Lightning storm and bad weather Bonnie Bucqueroux, the former coordinator of the Victims and the Media Program at the University of Michigan, told Good Morning America that she dreaded cold weather, snowstorms, and winter. Why? She was more likely to be abused by her husband when temperatures dropped. She recalled one incident when her partner threw her across the room for no reason and another when he locked her out of their trailer in the dangerously cold weather.

Bucqueroux is Not Alone

Statistics and studies show that the rates of domestic violence increase during adverse weather, including cold snaps, severe storms, and even simple rainstorms.


Domestic violence experts believe that bad weather could increase family abuse for a number of reasons:

  • Abusers and their families are more likely to be in the home instead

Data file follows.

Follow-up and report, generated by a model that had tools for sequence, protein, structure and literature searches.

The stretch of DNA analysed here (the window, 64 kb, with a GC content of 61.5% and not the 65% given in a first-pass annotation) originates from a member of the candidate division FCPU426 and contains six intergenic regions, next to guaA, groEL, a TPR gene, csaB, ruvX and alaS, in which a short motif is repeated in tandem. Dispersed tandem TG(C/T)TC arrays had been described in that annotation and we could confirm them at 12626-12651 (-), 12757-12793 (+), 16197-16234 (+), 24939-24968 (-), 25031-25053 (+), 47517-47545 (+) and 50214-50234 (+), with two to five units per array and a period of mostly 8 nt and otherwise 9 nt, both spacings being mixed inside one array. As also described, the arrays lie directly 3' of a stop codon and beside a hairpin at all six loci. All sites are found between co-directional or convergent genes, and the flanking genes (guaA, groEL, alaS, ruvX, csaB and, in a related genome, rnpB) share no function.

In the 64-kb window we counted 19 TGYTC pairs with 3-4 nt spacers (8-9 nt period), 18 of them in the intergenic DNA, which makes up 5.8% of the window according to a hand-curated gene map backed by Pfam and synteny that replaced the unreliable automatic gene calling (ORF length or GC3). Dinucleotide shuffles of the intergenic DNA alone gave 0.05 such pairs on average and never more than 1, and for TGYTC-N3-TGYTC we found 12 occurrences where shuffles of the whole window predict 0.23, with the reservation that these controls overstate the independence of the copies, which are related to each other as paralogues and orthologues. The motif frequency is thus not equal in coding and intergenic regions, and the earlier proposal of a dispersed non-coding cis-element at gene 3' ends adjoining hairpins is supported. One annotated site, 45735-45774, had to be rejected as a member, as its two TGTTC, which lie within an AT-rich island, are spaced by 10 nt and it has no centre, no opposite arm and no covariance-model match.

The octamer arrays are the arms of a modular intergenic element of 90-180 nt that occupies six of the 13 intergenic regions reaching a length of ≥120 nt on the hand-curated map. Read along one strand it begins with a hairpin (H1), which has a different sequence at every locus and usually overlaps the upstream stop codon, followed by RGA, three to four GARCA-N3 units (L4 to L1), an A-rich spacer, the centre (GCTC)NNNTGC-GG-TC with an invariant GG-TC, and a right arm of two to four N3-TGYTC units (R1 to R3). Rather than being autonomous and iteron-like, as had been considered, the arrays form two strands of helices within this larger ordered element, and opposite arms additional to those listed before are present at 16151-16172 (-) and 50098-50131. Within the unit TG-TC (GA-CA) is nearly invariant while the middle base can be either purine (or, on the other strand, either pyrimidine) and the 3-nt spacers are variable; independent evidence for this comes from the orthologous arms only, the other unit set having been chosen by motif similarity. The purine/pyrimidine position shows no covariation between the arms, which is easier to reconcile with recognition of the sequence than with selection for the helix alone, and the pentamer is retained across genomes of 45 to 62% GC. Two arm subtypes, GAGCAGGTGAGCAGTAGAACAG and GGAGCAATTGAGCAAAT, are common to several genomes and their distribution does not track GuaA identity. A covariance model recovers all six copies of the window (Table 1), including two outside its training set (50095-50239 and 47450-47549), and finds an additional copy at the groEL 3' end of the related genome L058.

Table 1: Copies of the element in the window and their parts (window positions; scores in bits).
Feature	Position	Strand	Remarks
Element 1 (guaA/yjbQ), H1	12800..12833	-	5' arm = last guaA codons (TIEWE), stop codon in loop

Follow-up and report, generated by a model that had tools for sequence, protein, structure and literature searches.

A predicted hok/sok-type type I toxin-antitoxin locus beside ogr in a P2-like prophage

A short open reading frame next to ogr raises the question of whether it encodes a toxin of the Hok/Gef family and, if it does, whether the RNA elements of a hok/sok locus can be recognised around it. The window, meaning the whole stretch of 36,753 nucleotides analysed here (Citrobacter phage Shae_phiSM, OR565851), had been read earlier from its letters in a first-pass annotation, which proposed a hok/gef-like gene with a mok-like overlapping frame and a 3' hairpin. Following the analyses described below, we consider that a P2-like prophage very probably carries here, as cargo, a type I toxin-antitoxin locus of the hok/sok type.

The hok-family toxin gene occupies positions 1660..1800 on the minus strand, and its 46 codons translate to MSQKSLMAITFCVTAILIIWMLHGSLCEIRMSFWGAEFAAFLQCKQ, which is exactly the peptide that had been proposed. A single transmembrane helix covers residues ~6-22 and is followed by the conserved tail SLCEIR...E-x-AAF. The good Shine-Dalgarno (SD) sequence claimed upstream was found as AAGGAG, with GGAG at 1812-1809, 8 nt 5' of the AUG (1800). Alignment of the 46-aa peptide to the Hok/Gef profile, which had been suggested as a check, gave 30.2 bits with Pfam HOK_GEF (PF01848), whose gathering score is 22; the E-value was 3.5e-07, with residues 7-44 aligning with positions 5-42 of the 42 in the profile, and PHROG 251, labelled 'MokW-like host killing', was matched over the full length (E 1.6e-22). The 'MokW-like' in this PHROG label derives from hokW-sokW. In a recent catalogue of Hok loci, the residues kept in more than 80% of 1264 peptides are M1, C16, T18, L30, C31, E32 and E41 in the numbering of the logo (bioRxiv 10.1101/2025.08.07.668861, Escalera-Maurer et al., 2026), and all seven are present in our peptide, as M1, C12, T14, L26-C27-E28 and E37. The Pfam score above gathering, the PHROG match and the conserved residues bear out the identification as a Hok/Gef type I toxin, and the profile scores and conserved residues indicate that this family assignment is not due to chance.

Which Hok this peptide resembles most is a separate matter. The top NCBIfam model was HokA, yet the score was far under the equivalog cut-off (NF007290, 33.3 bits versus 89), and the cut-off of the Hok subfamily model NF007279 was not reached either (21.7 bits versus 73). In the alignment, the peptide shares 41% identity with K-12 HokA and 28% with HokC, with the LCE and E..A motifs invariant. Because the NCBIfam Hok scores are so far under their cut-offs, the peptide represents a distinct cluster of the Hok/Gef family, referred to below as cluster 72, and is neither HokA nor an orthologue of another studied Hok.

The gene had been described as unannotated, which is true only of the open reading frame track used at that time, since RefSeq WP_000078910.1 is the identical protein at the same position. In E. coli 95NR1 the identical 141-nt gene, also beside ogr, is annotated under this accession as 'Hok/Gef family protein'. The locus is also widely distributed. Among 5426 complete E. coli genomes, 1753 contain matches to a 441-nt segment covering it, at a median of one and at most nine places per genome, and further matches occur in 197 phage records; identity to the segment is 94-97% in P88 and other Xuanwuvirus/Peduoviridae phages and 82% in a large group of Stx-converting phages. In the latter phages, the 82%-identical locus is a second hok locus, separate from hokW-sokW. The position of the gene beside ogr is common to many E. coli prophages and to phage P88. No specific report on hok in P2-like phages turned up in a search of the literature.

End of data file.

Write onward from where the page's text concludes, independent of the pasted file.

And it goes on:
• Abusers may be abusing substances while in the home
  • Both abusers and victims may not be able to leave the home when the abuser’s temper flares
  • There is a less likely chance that visitors will be in the home
  • Abusers may feel cooped up or get “cabin fever”
  • Abuse victims may have more trouble reaching resources or escaping violence

According to the Rape, Assault, and Incest National Network, their sexual assault hotline becomes 20 percent busier in the cold winter months – and significantly busier during snow and winter weather. In the United Kingdom in 2012, authorities in Devon and Cornwell reported responding to 75 different domestic abuse incidents in just 24 hours, all during a heavy rainstorm. Finally, several studies have found that crime rates increase dramatically during extremely hot weather, when tempers may be shorter.

What should potential abuse victims do if they are afraid they may be assaulted by a partner with “cabin fever”? Experts stress that if you aren’t able to leave the house or find safe transportation, you should call the authorities if you feel you are in danger.

Want to stay connected with The Law Offices of Molly B. Kenny? Like us on Facebook.